CEO: David Van Sickle
Based: Madison, WI
The scoop: Propeller Health is aiming to improve care for individuals with asthma and COPD with its sensor technology. The company's product attaches to two different inhalers, one for everyday use and one for emergencies, to track when patients take their medication. A Bluetooth radio transmits the data to a smartphone, where an accompanying app can provide readouts on data from the sensor.
Last year, the company scored FDA clearance for its next-generation system, which is 30% smaller than the original version and has an 18-month battery life without charging. The system's mobile app gives personalized information, reminding patients to use their inhalers and telling physicians when an individual uses their rescue inhaler more frequently. And all this information is collected without extra work from physicians and patients, CEO David Van Sickle told FierceMedicalDevices.
"We're helping people improve self-management, but with less effort," Van Sickle said. "We're bringing it to the digital era, making it easier for people to do a better job of tracking their illness. The sensor helps patients remember to take their controller medication, or alert caregivers if they need more help."
The response to Propeller's technology has been "really positive" so far, he added. Last year, the company reeled in $14.5 million in a Series B round led by Safeguard Scientifics ($SFE) to ramp up product development, build relationships in the industries and dial up marketing for its systems.
The company has also inked some deals with Big Pharma, partnering with the likes of GlaxoSmithKline ($GSK) and Boehringer Ingelheim to pair its sensors with the companies' inhalers. In July, Propeller got an FDA OK to sell its app and sensor with GSK inhalers. The company already has FDA clearance to pair its system with Boehringer Ingelheim's Spiriva Respimat inhaler for COPD.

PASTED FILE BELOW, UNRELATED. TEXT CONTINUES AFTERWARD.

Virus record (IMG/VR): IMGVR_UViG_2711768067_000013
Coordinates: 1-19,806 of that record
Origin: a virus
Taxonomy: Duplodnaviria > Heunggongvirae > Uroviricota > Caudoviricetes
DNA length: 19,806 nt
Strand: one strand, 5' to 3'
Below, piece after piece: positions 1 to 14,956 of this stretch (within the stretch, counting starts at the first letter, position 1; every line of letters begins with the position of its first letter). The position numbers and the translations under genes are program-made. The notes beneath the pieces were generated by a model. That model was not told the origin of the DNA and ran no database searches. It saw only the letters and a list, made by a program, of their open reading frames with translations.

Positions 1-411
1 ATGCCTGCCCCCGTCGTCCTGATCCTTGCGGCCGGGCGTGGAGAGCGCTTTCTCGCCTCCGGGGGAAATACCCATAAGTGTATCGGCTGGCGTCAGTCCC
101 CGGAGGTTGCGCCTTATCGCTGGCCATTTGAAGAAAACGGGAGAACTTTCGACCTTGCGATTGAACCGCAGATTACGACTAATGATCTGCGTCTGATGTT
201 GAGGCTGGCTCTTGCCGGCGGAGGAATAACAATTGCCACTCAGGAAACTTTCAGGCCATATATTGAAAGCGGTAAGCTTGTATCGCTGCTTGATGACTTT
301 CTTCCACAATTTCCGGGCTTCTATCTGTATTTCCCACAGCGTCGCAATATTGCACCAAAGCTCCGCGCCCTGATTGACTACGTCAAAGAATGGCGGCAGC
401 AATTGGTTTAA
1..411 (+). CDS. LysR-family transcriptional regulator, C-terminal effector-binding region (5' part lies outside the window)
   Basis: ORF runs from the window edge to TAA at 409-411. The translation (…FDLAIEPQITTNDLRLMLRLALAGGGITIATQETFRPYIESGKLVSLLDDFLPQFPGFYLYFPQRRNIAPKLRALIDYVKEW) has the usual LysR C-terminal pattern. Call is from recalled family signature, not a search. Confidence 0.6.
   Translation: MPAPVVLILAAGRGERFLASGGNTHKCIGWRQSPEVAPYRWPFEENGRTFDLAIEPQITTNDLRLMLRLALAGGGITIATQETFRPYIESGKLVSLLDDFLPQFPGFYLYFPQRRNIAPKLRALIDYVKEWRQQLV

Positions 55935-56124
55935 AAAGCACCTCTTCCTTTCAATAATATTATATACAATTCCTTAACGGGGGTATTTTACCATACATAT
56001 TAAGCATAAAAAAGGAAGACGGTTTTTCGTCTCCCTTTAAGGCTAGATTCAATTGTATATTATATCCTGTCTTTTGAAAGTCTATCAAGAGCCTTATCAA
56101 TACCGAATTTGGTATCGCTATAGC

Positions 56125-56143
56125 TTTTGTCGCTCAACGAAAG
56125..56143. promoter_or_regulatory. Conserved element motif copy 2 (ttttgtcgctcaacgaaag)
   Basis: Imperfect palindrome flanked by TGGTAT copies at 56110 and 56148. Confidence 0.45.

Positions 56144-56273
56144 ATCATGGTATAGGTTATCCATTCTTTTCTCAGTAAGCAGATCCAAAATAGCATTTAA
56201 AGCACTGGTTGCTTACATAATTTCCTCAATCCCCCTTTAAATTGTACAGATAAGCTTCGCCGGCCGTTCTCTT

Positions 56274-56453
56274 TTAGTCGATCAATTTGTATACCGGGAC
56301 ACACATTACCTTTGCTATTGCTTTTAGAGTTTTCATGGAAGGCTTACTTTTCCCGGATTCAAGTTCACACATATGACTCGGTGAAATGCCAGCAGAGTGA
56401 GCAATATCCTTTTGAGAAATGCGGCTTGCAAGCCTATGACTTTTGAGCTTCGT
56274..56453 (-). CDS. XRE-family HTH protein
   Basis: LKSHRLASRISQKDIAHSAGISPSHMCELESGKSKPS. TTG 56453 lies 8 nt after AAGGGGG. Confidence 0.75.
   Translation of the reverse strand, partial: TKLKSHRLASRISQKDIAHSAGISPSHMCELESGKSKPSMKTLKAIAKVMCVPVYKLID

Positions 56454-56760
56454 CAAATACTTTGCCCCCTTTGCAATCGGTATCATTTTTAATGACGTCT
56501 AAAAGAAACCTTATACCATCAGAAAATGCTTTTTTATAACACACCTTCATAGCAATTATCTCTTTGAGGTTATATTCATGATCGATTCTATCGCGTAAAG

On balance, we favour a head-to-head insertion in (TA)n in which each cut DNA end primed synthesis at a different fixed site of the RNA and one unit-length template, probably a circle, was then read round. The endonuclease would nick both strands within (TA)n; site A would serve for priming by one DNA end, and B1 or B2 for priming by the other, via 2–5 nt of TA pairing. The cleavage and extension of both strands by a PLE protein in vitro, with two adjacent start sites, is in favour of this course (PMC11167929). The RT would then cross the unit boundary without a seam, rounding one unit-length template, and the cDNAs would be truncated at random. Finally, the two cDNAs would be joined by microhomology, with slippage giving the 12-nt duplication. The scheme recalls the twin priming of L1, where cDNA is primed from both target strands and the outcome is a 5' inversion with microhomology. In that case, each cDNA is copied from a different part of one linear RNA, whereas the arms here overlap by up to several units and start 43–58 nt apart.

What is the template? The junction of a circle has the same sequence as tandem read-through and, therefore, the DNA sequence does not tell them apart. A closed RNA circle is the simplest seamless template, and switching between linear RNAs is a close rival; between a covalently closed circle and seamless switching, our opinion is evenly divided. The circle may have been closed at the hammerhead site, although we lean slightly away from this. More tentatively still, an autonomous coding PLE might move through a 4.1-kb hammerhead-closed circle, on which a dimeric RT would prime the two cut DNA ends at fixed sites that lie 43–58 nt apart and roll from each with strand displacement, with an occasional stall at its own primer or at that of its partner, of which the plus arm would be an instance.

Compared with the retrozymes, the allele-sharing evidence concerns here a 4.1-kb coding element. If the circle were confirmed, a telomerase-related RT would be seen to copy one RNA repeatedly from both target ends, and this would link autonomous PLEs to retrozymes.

What makes Propeller Health Fierce: Part of Propeller's end game involves cutting down costs while improving care for patients. Most patients with asthma and COPD are not being managed as well as they should be, Van Sickle said, and the company's system could help care teams identify patients who need more help.
Propeller already has 30 commercial programs in the U.S. with a range of medical groups, integrated delivery systems and payers, he added, as more insurers sign on to the company's approach.
Propeller is touting promising early data showing that its systems can reduce uncontrolled asthma and improve patients' condition. In clinical studies, patients' uncontrolled asthma dropped by 50% after using the company's system for three months, it said on its website. Almost three-quarters of patients in the trials improved their level of control during the same period.
The system could also mean big things for drug adherence, as pharma companies look for innovative ways to help patients stay on their meds. In recent programs, up to 80% of patients with asthma still used their Propeller system 3 to 6 months after enrollment, the company said on its website--an attractive number for drugmakers looking to boost engagement.
"Information about use of medicine and physiological measurements is going to play a big role in how we care for patients with chronic respiratory diseases," Van Sickle said. "There's lot of room for improvement, not only in adherence but improving technique, understanding when regimens should be adjusted."
What to look for: Propeller is planning on launching a program with "a couple respiratory pharma companies," Van Sickle said, offering a version of its system to help drugmakers track patients taking their meds.
The company is also forging ahead with its Boehringer Ingelheim partnership. If all goes according to plan, Propeller will kick off its first programs with the drugmaker later this year, Van Sickle said.
On the clinical trial front, Propeller has "a bunch" of clinical studies in the works, including a couple of studies in the publication process, he added. "We're always working on accumulating evidence from randomized controlled trials. So we'll be endlessly published."
Looking ahead, Van Sickle sees the company's approach playing an important role in how information fuels new, cost-effective models of delivering care and personalizing it for patients.
"What we can do is go beyond clinical practice guidelines and personalize the care and treatment of individuals using response to treatment and progression, and hopefully improve the picture and put a big dent in the morbidity in what has otherwise been frustrating and persistent in asthma and COPD," Van Sickle said.
-- Emily Wasserman (email | Twitter)
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